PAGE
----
Preclinical study of deactivated platelets show promising new approach to fight clotting and stop cancer spread
A new reversible, drug-free antiplatelet therapy could reduce the risk of blood clots and potentially prevent cancer spread or metastasis, according to a study published in Science Translational Medicine.
The therapeutic approach involves modifying human platelets to create “decoys” that are still capable of binding to some cells but will not aggregate or carry out the other normal platelet functions, including chemical signaling associated with the clotting process.
“The reversibility and immediate onset of action are major advantages of our platelet decoys, and we envision them to be useful in hospital-based situations,”said Anne-Laure Papa, an assistant professor of biomedical engineering at the George Washington University. “The therapy could prevent clotting in high-risk patients just before they undergo surgery, or be given to cancer patients alongside chemotherapy to prevent existing tumors from spreading.”
Platelets also play an important part in cancer metastasis by binding to tumor cells and protecting them both from the body’s immune system and shear stress as they circulate in the bloodstream
Platelets play a vital role in halting bleeding and help protect against minor and life-threatening bleeding. However, hyperactive platelets can also contribute to various disorders, including severe blood clots, heart disease and cancer. While several antiplatelet drugs fight clots, their effects are not easily reversible, leaving patients vulnerable if they develop unexpected severe bleeding or are in need of an emergency surgical procedure.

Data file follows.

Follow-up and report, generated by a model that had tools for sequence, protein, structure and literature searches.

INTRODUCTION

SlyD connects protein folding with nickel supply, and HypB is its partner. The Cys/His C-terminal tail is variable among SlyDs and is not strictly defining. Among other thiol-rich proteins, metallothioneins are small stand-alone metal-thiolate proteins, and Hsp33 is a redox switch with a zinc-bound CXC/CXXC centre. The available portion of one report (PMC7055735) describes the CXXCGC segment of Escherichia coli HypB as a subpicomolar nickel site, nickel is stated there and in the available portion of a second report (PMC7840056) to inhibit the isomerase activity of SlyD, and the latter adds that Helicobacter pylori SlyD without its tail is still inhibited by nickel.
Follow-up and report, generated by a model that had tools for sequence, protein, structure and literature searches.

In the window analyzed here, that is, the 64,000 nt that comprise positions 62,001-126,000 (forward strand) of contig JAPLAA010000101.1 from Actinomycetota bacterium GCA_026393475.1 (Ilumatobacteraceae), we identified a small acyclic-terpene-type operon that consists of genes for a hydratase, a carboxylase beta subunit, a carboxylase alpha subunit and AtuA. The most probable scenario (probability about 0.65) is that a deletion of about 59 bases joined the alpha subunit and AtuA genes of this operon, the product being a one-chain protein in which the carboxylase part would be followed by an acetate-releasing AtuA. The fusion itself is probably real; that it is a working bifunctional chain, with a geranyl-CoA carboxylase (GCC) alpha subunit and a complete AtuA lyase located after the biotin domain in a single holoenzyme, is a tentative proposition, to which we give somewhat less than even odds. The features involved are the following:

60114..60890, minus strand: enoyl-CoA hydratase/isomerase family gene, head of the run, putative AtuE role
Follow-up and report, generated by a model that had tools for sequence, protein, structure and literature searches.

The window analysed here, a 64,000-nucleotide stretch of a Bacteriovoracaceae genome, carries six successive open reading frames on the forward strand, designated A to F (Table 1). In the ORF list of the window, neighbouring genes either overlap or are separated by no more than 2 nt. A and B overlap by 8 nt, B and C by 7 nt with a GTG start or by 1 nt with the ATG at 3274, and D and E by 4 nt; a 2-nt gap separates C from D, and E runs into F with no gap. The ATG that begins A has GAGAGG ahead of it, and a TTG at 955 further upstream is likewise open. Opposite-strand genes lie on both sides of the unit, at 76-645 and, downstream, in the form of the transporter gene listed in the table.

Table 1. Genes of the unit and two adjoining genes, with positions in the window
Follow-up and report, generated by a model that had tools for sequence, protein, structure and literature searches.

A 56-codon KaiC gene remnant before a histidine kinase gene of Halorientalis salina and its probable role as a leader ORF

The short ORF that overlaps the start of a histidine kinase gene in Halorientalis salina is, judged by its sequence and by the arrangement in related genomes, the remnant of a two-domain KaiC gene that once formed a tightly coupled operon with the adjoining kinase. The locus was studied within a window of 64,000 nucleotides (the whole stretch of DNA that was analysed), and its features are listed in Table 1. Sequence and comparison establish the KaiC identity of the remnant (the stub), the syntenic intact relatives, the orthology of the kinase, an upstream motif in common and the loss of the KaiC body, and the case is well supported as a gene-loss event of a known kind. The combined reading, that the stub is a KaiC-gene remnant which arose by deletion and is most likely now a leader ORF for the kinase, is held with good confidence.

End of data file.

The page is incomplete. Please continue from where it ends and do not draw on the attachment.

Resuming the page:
Platelets also play an important part in cancer metastasis by binding to tumor cells and protecting them both from the body’s immune system and shear stress as they circulate in the bloodstream. Platelets may also help the cancer cells exit through blood vessels and seed distant tissues during the process of metastasis.
To create the decoy platelets, the research team used a detergent treatment and centrifugation to strip natural human platelets of their inner structures and remove their basic activation and aggregation abilities. These decoy platelets became about one-third the size of a regular platelet while retaining a majority of adhesion receptors on their surface. This allows them to bind to other cells in the bloodstream, such as cancer cells, but not become active during the blood clotting process.
The researchers found the decoys did not show typical clotting behaviors, and when added to human blood within the device, the normal platelets showed a reduced ability to aggregate and create a clot by binding to the vessel’s walls. Furthermore, in a model of metastasis, there was a significant reduction in the burden of established metastatic tumors when cancer cells were introduced simultaneously with platelets and decoys.
In addition, the researchers quickly reversed the effects of the decoys on normal platelets by introducing fresh platelets into the blood.
“Our ability to reverse the platelet inhibiting effects with a simple reintroduction of normal platelets is very encouraging as currently available anti-platelet agents are often difficult to reverse in emergency settings such as severe bleeding,” Dr. Papa said.